The Kuwaiti telecoms operator Zain said it aims to keep a controlling stake in its Bahrain operation as it seeks to list 15 per cent of the unit before the end of the year.
According to the licence rules, Zain Bahrain must list its shares on the Bahraini bourse within 10 years of acquiring the permit.
Zain currently holds 56.3 per cent of the Bahraini unit, according to its financial statement.
“We prefer to have controlling stakes in all of our operations. We don’t really want to have minority stakes anywhere,” said Scott Gegenheimer, the Zain Group chief executive.
“Procedure-wise, we have most of the clearances that we need. It’s more about the timing. We have already appointed the lawyers, investment bankers, the underwriters – so most of the work has already been done. It’s about making sure that the roadshow is finishing up. We will be able to launch it on time,” he added.
Zain Bahrain, which started its operations in December 2003, ended the monopoly of Bahrain Telecommunications, or Batelco.
Mr Gegenheimer also expressed interest in raising Zain’s stake in its Moroccan unit Inwi, without providing a timeline for the increase.
“It’s [Inwi] a very interesting operation. It fits into our footprint quite well, so we would like to increase our ownership. But there are no active discussions right now,” he said.
Mr Gegenheimer expressed his interest in expanding into North Africa, saying the Zain brand “fits really well in it”.
“We are looking for areas to expand. There are a lot more opportunities in North Africa than somewhere else. We are not expecting to go to Asia or outside of the Mena region. So I think the brand carries out quite well there,” he said.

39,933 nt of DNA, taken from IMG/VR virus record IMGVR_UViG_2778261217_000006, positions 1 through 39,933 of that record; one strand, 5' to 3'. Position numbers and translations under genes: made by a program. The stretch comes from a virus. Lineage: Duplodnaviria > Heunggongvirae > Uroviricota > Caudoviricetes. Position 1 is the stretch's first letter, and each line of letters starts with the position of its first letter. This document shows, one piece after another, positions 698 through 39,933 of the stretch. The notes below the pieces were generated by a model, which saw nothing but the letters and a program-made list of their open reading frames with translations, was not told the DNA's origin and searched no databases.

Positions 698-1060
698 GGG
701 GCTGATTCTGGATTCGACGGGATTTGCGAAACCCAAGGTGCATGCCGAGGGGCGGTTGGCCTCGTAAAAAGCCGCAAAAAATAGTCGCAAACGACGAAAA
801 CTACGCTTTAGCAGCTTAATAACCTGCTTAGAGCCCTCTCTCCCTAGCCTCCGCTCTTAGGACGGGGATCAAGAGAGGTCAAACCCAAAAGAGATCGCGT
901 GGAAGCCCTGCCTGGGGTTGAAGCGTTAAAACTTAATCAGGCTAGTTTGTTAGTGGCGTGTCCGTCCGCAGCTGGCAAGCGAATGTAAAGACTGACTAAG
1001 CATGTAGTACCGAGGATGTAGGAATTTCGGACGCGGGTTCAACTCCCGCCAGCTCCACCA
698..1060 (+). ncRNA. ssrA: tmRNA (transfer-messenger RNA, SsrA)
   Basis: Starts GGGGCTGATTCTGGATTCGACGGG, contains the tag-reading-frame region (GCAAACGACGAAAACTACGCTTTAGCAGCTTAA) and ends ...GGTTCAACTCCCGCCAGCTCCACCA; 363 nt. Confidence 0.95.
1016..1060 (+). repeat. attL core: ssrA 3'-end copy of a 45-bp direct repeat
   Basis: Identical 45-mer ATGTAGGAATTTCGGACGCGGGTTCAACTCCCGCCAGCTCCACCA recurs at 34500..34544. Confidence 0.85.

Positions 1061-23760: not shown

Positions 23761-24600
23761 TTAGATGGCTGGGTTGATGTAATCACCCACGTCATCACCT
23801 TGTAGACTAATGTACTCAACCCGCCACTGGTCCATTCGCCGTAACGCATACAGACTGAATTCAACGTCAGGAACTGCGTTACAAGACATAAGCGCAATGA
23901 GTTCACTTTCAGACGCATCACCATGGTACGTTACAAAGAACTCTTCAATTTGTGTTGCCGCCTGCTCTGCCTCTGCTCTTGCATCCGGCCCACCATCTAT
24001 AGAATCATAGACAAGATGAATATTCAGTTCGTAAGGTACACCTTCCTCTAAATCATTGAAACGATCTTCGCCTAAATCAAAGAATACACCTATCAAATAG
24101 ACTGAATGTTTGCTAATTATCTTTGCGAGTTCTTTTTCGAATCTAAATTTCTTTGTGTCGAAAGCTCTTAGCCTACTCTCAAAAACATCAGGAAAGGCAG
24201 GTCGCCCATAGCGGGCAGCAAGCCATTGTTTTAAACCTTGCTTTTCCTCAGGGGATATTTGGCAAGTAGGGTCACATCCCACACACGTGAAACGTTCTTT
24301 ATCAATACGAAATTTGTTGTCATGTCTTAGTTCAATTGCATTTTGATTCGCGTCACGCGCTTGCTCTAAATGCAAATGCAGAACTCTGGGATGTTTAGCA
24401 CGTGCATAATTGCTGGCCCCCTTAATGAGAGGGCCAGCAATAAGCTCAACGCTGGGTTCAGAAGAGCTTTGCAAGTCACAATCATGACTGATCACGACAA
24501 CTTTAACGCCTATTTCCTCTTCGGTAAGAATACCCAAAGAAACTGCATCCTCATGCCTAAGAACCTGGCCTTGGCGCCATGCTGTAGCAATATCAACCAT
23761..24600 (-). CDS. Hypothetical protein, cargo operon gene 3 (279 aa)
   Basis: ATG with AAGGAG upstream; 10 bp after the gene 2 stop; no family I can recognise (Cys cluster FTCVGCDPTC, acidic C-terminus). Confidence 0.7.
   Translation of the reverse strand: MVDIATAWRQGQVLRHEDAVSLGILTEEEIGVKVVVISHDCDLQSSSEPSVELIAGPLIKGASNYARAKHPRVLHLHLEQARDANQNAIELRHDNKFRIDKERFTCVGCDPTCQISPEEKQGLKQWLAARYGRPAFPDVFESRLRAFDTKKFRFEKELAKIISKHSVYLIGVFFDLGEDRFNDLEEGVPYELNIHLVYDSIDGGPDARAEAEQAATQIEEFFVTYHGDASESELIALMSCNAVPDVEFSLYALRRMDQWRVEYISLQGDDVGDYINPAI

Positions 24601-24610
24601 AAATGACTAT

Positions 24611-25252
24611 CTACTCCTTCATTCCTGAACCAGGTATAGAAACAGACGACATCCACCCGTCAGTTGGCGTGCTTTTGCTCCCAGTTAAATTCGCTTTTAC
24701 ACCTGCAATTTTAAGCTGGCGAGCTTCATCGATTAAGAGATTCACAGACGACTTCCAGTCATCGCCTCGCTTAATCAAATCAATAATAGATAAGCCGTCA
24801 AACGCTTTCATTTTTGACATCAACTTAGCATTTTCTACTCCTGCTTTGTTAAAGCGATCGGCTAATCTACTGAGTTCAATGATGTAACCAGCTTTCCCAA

In 2010, Zain sold its African operations to India’s telecoms operator Bharti Airtel in a deal worth US$9 billion. The deal marked an end to an aggressive phase of acquisitions by the telecoms company. It also symbolised a change in the company’s strategy, which currently seeks to focus on its existing operations.
Mr Gegenheimer said that Zain is targeting to become an integrated service provider, one that offers mobile, fixed-line, TV and internet services for all its operations. This could lead the company to make a number of acquisitions in the future.
“If you look at all of our operations, every one of them is a pure mobile operator. We need to change that,” said Mr Gegenheimer.
“There are ISPs [internet service providers] in all of our markets, so we need to look at them and see how they can integrate with us.”
Commenting on its Jordanian operations, Mr Gegenheimer said that a tax increase in the country is hurting revenue.
Recently overall effective taxes on telecoms in Jordan rose from 30 to 44 per cent.
“We have fractured [the taxes] in our pricing, so if you buy a scratch card for instance, it would include our incremental taxes. But in effect, people are buying less because they are paying more in taxes. It is actually affecting us,” he said.